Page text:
Cookie policy notice

By continuing to use this site you agree to our cookies policy below:
Since 26 May 2011, the law now states that cookies on websites can ony be used with your specific consent. Cookies allow us to ensure that you enjoy the best browsing experience.

This site is intended for health professionals only

At the heart of general practice since 1960

MPs to investigate safety of e-cigarettes

MPs are launching an investigation into the safety of e-cigarettes and if they could ‘re-normalise’ smoking for young smokers.

The House of Commons science and technology committee is calling for evidence into the devices, which are used by nearly three million people in the UK.

The committee will look at the health impacts on their devices, their effect on NHS funds and regulation.

Committee chair Norman Lamb said: ‘There are still significant gaps in the research guiding their regulation and sale. They are seen by some as valuable tools that will reduce the number of people smoking “conventional” cigarettes, and seen by others as “re-normalising” smoking for the younger generation.

‘We want to understand where the gaps are in the evidence base, the impact of the regulations, and the implications of this growing industry on NHS costs and the UK’s public finances.’

The move follows an announcement by NICE earlier this month that it backs including e-cigarette use in smoking cessation guidance.

Readers' comments (3)

  • Many patients with learning difficulties or severe psychosis are "hooked on fags". I would make three points:

    1. It is (in my experience) virtually impossible to wean most of these patients off nicotine - even though the QOF demanded that we pretended to try.

    2. E-cigs are not an appreciable fire risk (all experienced GPs will have seen examples of this group of patients being involved in a major fire related to conventional cigarette use).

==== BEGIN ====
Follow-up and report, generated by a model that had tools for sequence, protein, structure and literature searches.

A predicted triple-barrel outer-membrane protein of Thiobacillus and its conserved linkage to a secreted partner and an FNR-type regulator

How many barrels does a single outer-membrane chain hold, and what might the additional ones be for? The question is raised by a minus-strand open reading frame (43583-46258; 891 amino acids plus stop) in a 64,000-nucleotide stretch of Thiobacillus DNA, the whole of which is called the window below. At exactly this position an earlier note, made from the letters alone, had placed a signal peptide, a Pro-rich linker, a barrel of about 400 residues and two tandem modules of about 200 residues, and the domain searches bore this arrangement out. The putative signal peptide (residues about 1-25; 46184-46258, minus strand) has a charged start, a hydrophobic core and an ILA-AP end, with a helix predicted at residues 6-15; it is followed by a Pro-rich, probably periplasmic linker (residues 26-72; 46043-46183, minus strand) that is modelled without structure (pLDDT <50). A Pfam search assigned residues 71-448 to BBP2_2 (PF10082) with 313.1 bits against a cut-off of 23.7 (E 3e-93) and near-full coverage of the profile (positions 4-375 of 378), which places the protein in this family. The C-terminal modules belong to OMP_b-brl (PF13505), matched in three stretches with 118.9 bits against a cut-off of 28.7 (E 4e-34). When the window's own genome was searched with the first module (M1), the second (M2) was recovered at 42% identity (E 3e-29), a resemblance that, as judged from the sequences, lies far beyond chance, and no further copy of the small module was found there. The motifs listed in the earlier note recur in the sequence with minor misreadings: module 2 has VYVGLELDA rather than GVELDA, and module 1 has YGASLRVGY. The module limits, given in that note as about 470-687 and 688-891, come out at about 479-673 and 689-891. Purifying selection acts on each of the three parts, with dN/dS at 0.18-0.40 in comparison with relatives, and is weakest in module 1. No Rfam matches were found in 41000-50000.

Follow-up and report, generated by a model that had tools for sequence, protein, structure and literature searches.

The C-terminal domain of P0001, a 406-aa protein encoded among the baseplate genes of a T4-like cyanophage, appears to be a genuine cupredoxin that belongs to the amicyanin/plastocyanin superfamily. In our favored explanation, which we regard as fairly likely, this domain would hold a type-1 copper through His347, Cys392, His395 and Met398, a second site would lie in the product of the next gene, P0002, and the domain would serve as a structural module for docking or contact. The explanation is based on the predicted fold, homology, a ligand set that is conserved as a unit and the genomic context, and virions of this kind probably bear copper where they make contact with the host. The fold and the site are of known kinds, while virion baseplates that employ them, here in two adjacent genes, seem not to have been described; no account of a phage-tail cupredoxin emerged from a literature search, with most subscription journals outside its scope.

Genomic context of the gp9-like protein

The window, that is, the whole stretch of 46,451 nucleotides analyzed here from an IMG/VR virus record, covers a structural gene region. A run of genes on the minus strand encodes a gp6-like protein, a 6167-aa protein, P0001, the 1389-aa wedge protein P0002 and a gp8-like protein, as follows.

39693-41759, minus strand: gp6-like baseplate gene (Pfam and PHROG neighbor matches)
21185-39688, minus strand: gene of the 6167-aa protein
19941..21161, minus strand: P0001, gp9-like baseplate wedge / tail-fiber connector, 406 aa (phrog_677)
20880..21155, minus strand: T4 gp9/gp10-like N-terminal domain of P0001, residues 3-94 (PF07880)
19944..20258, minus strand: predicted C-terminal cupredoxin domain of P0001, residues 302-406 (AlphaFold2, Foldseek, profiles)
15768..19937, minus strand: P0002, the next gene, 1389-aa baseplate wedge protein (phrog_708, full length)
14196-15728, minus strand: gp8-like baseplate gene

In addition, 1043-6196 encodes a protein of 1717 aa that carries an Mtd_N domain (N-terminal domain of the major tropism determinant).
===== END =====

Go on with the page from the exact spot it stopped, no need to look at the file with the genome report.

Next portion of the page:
3. E-cigs are typically far cheaper. A "packet a day" habit of tobacco based fags costs more than £50 a week - which is perhaps the majority of the "after housing income" for a patient with chronic schizophrenia living in sheltered accommodation.

    I have had a little success in persuading individuals with severe mental illness to use e-cigs and noted that their diet and general welling being has improved. I hope that NICE recognises this relatively small group for whom e-cigs are potentially very valuable.

    I'm not sure if anyone has done research in this area of potential harm reduction - perhaps someone should?

    Unsuitable or offensive? Report this comment

  • Vinci Ho

    (1) I second this ,as you guys probably had read what I wrote here about e-cigarette.
    Yes , everything has advantages and disadvantages. But as Orwell said , the choice of human is so often not between good and evil but between two evils instead(Sorry , my philosophical crap).
    (2)On a pharmacological point , nicotine patches are long acting providing background release but do not kill off craven. Therefore , I always ask patients to use short acting preparation like nicotine gum , inhalator etc on top of the patches . Hence , e-cigarette can be one of these choices.
    (3)Don’t ask me to give you statistical figures about the usefulness of e-cigarettes as I am only an ordinary grass-root GP , not an academic. But Richard Feynman also once said ‘You can know more than you can ever prove.’

    Unsuitable or offensive? Report this comment

  • Doctor McDoctor Face

    Why does anyone need to smoke anything? Homo sapien has been on earth for about 200,000 years, became civilised about 6000 years ago and only found the strange need to smoke a leaf about 600 years ago.

    Unsuitable or offensive? Report this comment

Have your say